Five takeaways: ‘Dores take series opener vs. Texas A&M

The first inning-and-a-half against Texas A&M didn’t look promising for the Commodore baseball team, but that changed in short order.

After falling behind 3-0 behind uneven play from starting pitcher Kyle Wright, Vanderbilt took a 4-3 lead on Jeren Kendall’s two-out grand slam in the bottom of the second inning. Those four runs turned out to be all the ‘Dores needed, as they held the Aggies scoreless for the remainder of the game to take the first game of the weekend series.

Here are five thoughts from Vanderbilt’s second SEC win of the season.

Kendall’s slam the difference

Not only did Kendall come to the plate with two outs in the second, but the junior center fielder took two quick strikes to start off his at-bat. After taking a ball, Kendall launched Aggie starter Brigham Hill’s fourth pitch into the right-center field stands, more than 375 feet away. Hill entered the game with a 2.61 ERA, but the Commodores took advantage of their big opportunity early on. In a game with essentially no offense after the second inning, Kendall’s slam ended up holding even more importance.

“[Hill]’s a heavy changeup guy; we knew that coming in,” Kendall said. “It’s hard to say I was sitting on anything. You know, two strikes, bases loaded, you just gotta try and make the defense play some defense.”

Wright starts slow, finishes strong

Wright, a candidate to be selected No. 1 overall in the 2017 MLB draft entering the season, has had a bumpy start to the campaign. He entered Friday’s series opener with a 4.33 ERA and gave up three runs in his first two innings against A&M, taking 65 pitches to do so. The Huntsville, Alabama, native finished strong, though, in plowing through the third, fourth and fifth innings to earn his first win of the year. Vanderbilt’s hitters haven’t given Wright much run support this season, but he got just enough Friday.

“The kid’s working hard, and we just haven’t come out on top for him,” Kendall said of Wright’s lack of run support this year. “It hasn’t even been him, it’s been offense. For tonight, for us to scratch out a few runs and get him the W for the first time this year, it’s nice.”

King stymies Aggies

At the beginning of the season, Vanderbilt had a lot of options in the bullpen but few proven commodities. Freshman lefty Zach King has asserted himself as one of the Commodores’ most reliable options, and he played a key role in Vanderbilt’s ability to hold its lead on Friday. King turned in 2.1 innings of no-hit ball and racked up five strikeouts. His 1-2-3 sixth inning in which he struck out the side was one of the most impressive frames from a Commodore reliever this year. All three Aggie batters went down swinging, as King overpowered each of them. King’s seventh and eighth innings weren’t as easy, but he did enough to hold off A&M.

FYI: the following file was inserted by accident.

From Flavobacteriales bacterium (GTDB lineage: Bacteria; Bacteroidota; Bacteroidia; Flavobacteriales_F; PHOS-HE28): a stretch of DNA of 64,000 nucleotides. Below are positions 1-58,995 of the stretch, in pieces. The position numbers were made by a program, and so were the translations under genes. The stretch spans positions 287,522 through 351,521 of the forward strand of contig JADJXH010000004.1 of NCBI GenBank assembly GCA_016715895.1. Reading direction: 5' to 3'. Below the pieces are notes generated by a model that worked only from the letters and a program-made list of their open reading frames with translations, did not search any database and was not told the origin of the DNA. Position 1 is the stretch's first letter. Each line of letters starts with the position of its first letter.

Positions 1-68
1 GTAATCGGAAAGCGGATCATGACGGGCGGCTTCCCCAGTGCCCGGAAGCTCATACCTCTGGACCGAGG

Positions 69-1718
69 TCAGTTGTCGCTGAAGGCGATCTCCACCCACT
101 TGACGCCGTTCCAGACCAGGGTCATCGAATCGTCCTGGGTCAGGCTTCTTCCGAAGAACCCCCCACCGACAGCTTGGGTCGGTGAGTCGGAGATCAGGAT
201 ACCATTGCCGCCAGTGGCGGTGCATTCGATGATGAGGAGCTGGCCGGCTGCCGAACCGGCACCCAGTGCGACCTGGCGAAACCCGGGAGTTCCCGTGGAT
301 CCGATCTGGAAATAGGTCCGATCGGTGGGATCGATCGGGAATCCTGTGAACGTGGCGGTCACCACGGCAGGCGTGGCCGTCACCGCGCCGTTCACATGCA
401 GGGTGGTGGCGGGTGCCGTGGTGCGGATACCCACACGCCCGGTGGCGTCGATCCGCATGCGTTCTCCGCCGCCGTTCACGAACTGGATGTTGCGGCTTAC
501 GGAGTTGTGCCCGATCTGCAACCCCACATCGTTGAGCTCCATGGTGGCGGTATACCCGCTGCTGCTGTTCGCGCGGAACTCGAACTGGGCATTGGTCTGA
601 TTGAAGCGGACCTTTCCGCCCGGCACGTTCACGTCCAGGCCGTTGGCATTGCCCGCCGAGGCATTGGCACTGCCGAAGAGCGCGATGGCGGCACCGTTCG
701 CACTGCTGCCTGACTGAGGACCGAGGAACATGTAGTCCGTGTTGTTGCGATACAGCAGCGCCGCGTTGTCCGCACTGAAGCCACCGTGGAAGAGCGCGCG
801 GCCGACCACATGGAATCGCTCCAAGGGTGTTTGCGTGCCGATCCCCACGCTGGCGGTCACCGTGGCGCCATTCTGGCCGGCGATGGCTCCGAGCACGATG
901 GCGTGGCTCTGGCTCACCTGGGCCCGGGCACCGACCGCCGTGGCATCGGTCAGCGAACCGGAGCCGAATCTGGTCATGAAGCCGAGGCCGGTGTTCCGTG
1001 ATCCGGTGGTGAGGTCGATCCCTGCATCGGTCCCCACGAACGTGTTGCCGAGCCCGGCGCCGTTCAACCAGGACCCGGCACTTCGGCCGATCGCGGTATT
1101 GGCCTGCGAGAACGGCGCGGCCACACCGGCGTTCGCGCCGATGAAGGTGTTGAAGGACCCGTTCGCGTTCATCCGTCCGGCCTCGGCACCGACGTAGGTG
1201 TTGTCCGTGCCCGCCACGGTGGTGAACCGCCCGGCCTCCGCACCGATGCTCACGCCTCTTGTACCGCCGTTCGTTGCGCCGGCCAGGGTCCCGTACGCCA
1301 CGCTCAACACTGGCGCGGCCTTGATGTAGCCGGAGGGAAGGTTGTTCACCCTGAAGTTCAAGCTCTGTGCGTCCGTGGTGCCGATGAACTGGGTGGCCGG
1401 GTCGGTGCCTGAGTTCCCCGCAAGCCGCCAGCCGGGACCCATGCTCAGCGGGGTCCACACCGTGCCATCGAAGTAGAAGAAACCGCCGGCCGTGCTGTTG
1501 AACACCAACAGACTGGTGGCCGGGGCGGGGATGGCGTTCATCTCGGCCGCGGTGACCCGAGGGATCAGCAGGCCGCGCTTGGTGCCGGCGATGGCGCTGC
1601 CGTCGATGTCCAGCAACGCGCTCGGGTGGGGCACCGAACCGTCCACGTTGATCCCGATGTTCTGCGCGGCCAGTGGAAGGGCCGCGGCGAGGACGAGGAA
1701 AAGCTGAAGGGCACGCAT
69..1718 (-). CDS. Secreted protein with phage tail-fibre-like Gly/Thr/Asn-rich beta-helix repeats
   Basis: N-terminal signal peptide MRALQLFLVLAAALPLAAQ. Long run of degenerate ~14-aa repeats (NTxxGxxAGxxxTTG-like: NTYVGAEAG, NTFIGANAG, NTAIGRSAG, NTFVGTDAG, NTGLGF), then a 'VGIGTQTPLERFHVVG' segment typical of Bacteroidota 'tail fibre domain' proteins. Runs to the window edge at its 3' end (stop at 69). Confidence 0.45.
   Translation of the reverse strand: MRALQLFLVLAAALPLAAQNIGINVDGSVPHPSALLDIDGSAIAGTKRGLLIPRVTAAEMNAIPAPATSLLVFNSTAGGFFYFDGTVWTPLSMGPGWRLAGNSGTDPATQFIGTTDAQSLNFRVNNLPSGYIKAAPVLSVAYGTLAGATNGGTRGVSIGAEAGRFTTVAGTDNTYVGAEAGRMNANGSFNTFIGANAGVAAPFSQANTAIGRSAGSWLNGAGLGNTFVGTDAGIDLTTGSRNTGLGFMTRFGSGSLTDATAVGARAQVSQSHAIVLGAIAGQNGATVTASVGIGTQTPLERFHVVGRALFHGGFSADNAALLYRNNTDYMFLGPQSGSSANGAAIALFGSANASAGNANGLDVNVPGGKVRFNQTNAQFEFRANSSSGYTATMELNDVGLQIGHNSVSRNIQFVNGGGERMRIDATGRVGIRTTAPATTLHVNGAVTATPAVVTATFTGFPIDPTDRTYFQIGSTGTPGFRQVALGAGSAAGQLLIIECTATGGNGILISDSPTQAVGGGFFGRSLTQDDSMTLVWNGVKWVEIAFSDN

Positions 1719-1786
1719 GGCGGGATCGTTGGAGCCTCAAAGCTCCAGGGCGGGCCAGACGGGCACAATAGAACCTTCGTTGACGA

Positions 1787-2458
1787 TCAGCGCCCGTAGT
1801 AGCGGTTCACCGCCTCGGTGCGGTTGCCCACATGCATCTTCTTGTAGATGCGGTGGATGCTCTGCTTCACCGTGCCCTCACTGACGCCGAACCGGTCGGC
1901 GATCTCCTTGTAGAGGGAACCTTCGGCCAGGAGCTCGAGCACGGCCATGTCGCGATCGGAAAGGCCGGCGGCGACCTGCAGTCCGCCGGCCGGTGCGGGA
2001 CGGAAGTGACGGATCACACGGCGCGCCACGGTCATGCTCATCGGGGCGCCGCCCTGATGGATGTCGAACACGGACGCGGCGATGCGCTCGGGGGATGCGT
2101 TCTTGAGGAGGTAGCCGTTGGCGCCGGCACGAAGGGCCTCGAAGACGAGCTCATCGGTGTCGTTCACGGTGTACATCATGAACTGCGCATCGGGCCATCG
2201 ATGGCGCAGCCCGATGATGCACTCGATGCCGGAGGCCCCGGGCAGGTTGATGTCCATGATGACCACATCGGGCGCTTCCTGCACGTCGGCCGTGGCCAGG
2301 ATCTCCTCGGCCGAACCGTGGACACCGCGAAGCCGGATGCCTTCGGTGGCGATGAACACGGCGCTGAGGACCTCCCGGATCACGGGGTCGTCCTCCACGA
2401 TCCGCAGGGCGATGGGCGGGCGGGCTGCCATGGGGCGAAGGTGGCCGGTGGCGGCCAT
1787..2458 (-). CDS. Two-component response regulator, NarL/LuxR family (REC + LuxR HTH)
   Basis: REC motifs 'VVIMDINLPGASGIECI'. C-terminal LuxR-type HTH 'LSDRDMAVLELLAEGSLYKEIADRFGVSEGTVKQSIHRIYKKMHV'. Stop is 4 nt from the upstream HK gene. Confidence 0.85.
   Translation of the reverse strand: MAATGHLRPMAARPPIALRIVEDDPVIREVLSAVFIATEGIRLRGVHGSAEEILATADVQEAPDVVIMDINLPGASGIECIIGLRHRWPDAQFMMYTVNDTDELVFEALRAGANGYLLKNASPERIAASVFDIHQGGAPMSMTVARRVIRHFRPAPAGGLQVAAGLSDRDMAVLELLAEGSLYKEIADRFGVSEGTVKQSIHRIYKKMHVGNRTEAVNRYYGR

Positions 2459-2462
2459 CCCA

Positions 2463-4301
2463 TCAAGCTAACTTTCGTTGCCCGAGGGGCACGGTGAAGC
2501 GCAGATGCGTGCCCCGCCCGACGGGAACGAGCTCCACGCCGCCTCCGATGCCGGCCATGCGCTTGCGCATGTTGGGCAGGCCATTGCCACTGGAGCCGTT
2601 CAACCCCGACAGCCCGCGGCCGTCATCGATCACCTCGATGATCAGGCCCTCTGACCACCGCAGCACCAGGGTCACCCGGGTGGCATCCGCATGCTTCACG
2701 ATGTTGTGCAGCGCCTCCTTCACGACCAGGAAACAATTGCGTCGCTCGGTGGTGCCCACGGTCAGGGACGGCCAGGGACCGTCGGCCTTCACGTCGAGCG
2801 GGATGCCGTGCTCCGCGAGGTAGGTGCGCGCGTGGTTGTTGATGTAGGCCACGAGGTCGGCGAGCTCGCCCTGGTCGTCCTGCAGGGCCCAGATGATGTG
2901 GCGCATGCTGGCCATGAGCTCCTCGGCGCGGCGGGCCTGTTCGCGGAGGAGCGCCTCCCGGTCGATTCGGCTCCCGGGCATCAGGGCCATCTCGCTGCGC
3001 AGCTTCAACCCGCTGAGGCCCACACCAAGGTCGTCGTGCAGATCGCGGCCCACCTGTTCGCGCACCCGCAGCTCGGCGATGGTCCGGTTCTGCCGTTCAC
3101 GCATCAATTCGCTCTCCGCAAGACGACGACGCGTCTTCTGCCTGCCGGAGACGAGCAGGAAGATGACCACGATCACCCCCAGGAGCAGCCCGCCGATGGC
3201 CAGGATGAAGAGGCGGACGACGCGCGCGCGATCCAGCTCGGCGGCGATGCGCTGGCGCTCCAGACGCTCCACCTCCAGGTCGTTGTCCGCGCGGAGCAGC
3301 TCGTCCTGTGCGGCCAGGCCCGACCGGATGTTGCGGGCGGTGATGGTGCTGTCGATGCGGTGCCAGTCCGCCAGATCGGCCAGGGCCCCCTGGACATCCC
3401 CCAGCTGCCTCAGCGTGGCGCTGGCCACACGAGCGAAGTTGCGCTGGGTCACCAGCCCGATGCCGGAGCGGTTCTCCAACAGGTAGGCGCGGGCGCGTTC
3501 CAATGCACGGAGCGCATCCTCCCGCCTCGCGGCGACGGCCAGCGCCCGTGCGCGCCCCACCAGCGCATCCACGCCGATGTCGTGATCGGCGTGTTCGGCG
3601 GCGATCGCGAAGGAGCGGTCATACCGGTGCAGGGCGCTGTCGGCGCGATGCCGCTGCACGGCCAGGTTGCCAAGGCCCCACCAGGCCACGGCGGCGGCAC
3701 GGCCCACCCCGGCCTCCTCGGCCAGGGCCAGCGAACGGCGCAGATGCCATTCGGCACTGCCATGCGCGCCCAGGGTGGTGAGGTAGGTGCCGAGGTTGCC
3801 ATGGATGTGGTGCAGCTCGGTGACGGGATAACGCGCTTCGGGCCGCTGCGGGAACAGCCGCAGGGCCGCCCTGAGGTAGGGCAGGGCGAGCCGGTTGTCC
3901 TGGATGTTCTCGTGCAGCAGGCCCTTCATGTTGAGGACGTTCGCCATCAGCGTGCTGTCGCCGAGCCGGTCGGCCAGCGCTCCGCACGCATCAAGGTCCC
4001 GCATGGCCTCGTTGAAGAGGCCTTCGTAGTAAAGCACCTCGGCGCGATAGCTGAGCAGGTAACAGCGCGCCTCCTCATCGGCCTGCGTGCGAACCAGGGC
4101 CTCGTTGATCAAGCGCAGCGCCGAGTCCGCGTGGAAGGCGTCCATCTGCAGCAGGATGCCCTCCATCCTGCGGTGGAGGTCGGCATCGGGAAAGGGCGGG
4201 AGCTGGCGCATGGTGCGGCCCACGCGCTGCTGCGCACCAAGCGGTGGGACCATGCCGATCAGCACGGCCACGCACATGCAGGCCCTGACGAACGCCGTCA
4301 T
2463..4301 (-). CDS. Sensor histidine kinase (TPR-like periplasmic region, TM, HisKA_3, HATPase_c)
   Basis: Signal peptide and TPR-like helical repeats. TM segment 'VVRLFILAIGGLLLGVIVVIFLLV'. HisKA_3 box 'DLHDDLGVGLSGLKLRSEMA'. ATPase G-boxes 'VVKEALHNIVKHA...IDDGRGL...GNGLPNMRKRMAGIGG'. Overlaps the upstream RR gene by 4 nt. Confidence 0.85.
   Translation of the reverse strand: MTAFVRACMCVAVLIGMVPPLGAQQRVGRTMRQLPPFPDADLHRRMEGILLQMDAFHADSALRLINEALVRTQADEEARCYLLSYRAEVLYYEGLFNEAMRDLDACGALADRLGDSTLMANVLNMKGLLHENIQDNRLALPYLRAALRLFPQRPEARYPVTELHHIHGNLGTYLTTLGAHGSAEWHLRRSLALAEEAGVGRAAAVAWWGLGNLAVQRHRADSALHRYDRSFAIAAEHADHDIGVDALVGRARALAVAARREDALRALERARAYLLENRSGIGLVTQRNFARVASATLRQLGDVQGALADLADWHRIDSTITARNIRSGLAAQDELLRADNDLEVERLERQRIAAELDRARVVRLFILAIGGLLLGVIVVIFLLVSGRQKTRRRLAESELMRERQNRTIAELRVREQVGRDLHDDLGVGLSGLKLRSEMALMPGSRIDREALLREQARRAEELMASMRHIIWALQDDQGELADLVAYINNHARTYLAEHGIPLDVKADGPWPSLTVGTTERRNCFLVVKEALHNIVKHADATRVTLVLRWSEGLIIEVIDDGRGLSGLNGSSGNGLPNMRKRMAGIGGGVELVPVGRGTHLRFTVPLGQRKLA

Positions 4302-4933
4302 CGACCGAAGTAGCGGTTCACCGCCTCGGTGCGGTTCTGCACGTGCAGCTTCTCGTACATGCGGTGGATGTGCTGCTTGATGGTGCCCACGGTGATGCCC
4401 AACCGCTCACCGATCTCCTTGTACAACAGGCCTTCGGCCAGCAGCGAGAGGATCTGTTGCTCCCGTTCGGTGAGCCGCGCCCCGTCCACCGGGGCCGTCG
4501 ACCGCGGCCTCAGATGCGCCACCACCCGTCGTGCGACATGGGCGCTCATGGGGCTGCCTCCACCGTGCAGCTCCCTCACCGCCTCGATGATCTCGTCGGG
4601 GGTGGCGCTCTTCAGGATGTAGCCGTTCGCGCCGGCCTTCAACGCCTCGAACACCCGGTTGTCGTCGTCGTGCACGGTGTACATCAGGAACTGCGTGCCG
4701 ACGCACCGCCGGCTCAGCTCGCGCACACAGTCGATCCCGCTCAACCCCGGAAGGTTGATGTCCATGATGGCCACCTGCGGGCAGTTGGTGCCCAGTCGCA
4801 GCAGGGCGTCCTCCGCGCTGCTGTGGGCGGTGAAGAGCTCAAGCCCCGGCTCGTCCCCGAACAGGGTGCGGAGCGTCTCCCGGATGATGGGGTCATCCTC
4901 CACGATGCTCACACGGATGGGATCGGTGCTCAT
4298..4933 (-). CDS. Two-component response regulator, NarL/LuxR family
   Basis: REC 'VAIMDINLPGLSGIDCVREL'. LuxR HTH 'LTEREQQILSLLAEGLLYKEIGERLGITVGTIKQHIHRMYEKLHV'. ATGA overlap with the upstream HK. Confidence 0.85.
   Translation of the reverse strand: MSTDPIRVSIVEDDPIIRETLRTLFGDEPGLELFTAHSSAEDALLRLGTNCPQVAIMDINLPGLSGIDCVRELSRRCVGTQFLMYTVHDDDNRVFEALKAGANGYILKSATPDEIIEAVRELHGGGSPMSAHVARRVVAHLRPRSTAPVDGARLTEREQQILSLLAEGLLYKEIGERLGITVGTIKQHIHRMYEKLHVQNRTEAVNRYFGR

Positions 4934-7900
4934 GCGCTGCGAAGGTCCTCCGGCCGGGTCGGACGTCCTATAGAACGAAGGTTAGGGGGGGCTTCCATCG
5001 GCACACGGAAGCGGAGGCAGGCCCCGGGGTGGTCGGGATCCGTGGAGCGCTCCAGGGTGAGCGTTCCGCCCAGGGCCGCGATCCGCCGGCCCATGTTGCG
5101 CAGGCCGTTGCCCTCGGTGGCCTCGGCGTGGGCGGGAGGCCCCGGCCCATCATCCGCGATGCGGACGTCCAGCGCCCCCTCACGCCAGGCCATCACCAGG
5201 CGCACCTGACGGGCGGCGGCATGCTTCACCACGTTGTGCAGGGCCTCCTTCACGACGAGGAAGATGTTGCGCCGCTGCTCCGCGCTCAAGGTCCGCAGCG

“I just stood behind the mound, got myself together,” King said of finishing off innings with men on base. “Throwing strikes [is the] main point, not splitting my mind for the guy on second base. I just made pitches.”

Hayes double duty

Junior college transfer Reed Hayes has become a fan favorite for his double-duty heroics this season, contributing both as a pitcher and batter. At the plate Friday, Hayes failed to get on base in going 0-for-4 batting second in the order. But Hayes came up big when head coach Tim Corbin called upon him to relieve King in the eighth. King had shown signs of losing his control after walking a pair of batters and hitting another, and the Aggies had pinch hitter Walker Pennington on second with one out. Hayes entered the game and promptly shut down A&M’s offense, striking out Hunter Coleman and coaxing George Janca into a flyout. Corbin let Hayes close the game out with Matt Ruppenthal still in the bullpen, and Hayes responded with an easy 1-2-3 inning to finish off the Aggies.

Frontloaded scoring

For as offense-heavy as the first two innings were, the rest of the game offered little in the way of baserunners and featured no runs. In fact, neither team produced even a single hit after the fifth inning. King, Hayes and Texas A&M reliever Kaylor Chafin coasted through the latter stages of the game, with the exception of King’s seventh inning jam after a walk and a hit batter. Vanderbilt freshman right fielder Harrison Ray chipped in the major highlight of the game’s latter stages, picking up a single through the right side to throw out Nick Choruby, who was advancing from first to second. The play required the kind of awareness and reaction time not seen often from true freshmen.

“That was very professional,” Kendall said of Ray’s throw. “That’s harder than you think, to come up and be throwing like that.”

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